(after stating the facts). Did the original agreement between Shock and Olentine create a partnership for the purchase and sale of lands?
In the case of Lacotts v. Pike, 91 Ark. 26, the court held:
“1. In order to constitute a partnership, it is necessary that there shall be something more than a joint ownership of ■property.
“2. While an agreement to share in profits is not a test of partnership, it is an essential element in one.”
And in the case of Buford v. Lewis, 87 Ark. 412, the court said: “To determine whether a given agreement amounts to a •partnership between the parties themselves is always a question ■of intention.”
About one month before the contract of the daté of January 31, 1905, between Jeff and Wallace Hughes and Olentine and Shock was entered info, Olentine had proposed to Shock that they purchase the lands designated in that contract. The testimony shows that the lands were valuable chiefly for the timber that was on them, and that they were to be purchased for the •profits to be derived from a sale of the timber and of the lands *396themselves. The lands, the purchase and sale of which was contemplated, comprised in the aggregate some 2,000 acres, and they were owned by various persons. Shock himself testifies that each was to pay one-half of the money, and each to share one-half of the final profits. Thus we see they entered into a contract to purchase jointly, for the purpose of speculation, numerous tracts of land, and each was to pay an equal amount of the purchase price and to share equally in the final profits arising from future sales; and in furtherance of this purpose they made the contract with Wallace and Jeff Hughes to purchase lands for them. It was evidently their intention to form a partnership for the purchase and sale of timber lands in Pike County, and we so hold. Each owed to the other the utmost good faith and openness of dealing with regard to the carrying out of their joint venture. Neither had a right to secure any secret advantage over the other out of the transaction, and such acts would be a fraud upon his associate, which equity will defeat.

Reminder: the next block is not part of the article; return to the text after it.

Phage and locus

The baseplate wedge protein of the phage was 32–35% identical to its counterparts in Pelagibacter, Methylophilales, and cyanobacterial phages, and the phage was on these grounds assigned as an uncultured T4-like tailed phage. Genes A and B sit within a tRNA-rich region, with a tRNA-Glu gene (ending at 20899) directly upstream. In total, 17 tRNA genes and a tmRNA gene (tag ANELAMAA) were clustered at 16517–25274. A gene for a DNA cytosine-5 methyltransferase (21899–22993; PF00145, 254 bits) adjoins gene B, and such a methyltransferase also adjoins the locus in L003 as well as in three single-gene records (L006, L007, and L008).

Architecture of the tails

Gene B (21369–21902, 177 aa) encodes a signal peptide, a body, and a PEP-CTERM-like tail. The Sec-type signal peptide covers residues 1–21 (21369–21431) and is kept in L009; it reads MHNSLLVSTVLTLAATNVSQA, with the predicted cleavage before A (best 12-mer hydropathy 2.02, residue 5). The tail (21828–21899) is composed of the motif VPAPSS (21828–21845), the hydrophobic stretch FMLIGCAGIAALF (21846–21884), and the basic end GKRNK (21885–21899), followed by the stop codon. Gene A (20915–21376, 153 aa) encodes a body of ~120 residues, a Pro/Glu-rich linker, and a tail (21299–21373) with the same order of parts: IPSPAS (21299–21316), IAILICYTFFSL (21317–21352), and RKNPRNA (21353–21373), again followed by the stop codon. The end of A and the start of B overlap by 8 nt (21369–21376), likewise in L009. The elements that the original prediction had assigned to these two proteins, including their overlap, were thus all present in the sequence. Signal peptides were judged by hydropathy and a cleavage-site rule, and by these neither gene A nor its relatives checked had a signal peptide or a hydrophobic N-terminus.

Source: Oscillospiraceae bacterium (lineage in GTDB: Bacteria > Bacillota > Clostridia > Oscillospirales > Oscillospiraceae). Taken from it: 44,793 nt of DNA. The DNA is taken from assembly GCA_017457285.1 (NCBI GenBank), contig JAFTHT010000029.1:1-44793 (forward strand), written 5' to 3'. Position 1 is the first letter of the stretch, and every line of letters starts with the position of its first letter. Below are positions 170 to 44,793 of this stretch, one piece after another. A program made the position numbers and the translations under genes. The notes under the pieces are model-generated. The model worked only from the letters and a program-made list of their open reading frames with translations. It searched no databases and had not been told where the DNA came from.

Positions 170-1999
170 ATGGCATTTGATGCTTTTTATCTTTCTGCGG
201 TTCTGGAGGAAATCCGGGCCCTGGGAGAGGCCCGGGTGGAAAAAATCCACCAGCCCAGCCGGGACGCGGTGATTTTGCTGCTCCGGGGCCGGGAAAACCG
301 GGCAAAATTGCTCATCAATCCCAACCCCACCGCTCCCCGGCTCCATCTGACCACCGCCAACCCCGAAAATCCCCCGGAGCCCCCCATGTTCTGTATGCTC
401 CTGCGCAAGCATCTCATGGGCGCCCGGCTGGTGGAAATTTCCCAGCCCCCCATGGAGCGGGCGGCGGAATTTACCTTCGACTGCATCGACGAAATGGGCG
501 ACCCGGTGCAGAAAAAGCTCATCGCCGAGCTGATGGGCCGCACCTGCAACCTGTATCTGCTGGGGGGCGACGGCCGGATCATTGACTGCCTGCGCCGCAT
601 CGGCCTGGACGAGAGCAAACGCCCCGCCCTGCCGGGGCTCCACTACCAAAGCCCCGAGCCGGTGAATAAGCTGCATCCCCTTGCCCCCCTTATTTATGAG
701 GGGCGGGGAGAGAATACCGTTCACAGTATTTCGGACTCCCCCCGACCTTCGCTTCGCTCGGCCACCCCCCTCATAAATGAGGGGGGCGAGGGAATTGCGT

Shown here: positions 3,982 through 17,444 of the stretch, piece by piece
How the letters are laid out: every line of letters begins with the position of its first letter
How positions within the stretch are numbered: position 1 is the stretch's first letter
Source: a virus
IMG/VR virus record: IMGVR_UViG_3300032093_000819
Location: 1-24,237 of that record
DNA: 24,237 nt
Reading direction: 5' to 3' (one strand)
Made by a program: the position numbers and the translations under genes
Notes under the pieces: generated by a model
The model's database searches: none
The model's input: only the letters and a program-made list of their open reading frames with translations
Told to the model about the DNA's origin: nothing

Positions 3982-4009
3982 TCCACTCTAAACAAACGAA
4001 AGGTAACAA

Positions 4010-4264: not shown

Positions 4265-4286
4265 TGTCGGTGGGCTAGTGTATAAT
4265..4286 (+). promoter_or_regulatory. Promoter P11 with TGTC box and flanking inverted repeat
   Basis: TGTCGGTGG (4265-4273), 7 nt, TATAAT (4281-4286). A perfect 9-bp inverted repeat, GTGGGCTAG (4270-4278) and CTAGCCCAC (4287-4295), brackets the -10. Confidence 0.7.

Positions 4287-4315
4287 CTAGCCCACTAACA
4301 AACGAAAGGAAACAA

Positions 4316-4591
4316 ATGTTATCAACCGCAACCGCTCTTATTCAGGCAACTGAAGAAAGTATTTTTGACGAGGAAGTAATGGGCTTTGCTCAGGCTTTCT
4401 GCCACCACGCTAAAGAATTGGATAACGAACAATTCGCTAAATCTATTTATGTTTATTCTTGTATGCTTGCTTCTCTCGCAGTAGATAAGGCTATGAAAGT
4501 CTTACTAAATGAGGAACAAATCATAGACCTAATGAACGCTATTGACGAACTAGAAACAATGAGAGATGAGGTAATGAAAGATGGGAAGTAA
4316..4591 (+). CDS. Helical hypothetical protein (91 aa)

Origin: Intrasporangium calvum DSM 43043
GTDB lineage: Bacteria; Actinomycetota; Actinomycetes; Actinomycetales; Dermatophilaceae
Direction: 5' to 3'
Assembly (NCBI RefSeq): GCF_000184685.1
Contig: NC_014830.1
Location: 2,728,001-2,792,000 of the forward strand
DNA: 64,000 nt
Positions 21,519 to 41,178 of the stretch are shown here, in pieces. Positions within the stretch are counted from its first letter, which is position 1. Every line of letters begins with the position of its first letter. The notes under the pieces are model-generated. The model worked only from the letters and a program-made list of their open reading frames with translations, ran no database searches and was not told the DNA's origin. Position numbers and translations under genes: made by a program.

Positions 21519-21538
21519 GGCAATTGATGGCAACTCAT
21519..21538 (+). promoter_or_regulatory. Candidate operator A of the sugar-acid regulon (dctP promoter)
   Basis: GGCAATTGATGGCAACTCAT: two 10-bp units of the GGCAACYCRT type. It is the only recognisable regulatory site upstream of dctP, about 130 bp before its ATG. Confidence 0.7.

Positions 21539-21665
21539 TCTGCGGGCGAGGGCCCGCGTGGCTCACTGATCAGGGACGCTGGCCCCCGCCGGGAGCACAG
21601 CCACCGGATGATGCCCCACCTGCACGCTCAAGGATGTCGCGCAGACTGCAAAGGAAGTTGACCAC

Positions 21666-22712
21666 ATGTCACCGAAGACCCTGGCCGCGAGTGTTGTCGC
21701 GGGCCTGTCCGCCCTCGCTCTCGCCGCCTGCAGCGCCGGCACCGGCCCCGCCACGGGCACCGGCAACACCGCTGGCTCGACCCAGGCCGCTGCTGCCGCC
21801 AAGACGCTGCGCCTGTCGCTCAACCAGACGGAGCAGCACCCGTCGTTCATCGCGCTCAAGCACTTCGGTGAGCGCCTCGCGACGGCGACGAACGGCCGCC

It is apparent that Shock did not act in good faith towards Olentine. The testimony of both Olentine and Hughes shows that at the very inception of their enterprise Shock deceived Olentine. Shock promised him that he would furnish him all the money he needed in excess of one thousand dollars, which Olentine at the time paid, yet in one week thereafter he entered into an agreement with Beebe to take the title in the lands and divide with him the profits arising from a resale of the lands, and this agreement was kept secret from Olentine. Eater on in May, in furtherance of his fraudulent design, he told Olentine that Beebe had agreed to advance the money for the purchase of lands and charge 8 per cent, interest thereon; but that Beebe, instead of talcing a mortgage on the lands to secure himself, desired to take the title to them in his own name as security. Olentine, knowing that he would receive his money from Ohio in time to pay out his interest, readily agreed to this, and joined with Shock in directing Hughes to have the deeds to the lands made to Beebe. Shock had told Olentine that he represented Beebe in making him the loan; and, when Olentine received his own money from Ohio, he went to Shock to pay the money advanced by Beebe and the accrued interest, Shock for the first ■time told him that he had no interest. It is perfectly apparent *397that Shock from the beginning formed the design to defraud Olentine. Shock told him that he represented Beebe, and that the latter was advancing Olentine the money to pay for his interest in the lands, and was merely taking the title in himself as security. Equity will not permit Shock to hold the fruits of his fraud.' The case as between Shock and Olentine then stands as if Shock had advanced the money and taken the title in his own name for the benefit of both; and Olentine is entitled to one-half of the net profits. The amendment to his complaint asks for an equal share of the profits, and, thejrelation between Olen-tine and Shock being that of partners, the statute of frauds does not enter into the case. McClintock v. Thweatt, 71 Ark. 323. See, also, Chester v. Dickerson 54 N. Y. 1; Richards v. Grinnell, 63 Iowa 44, 50 Am. Rep. 727; Hulett v. Fairbanks, 40 Ohio St. 233; Newett v. Cochran, 41 Minn. 374; Davenport v. Buchanan, (S. D.) 61 N. W. 47; Heard v. Wilder (Iowa), 61 N. W. 1075.
Beebe admits that Shock acted as his agent in the purchase and sale of the lands, but states that he told him that Olentine had abandoned the contract, and he says that, acting upon this representation, he purchased the lands for his own use and benefit; but he filed a joint answer with Shock in which they admitted that the net profits were to be divided equally between them. Having admitted that he is only entitled to one-half of the profits, he cannot complain that the other half was awarded to Olentine. It will be noted that the decree of the chancellor divided the net profits between Beebe and Olentine.
We find the issues against the appellee on the cross-appeal, and think that the decree of the chancellor dividing the net profits between Beebe and Olentine was right.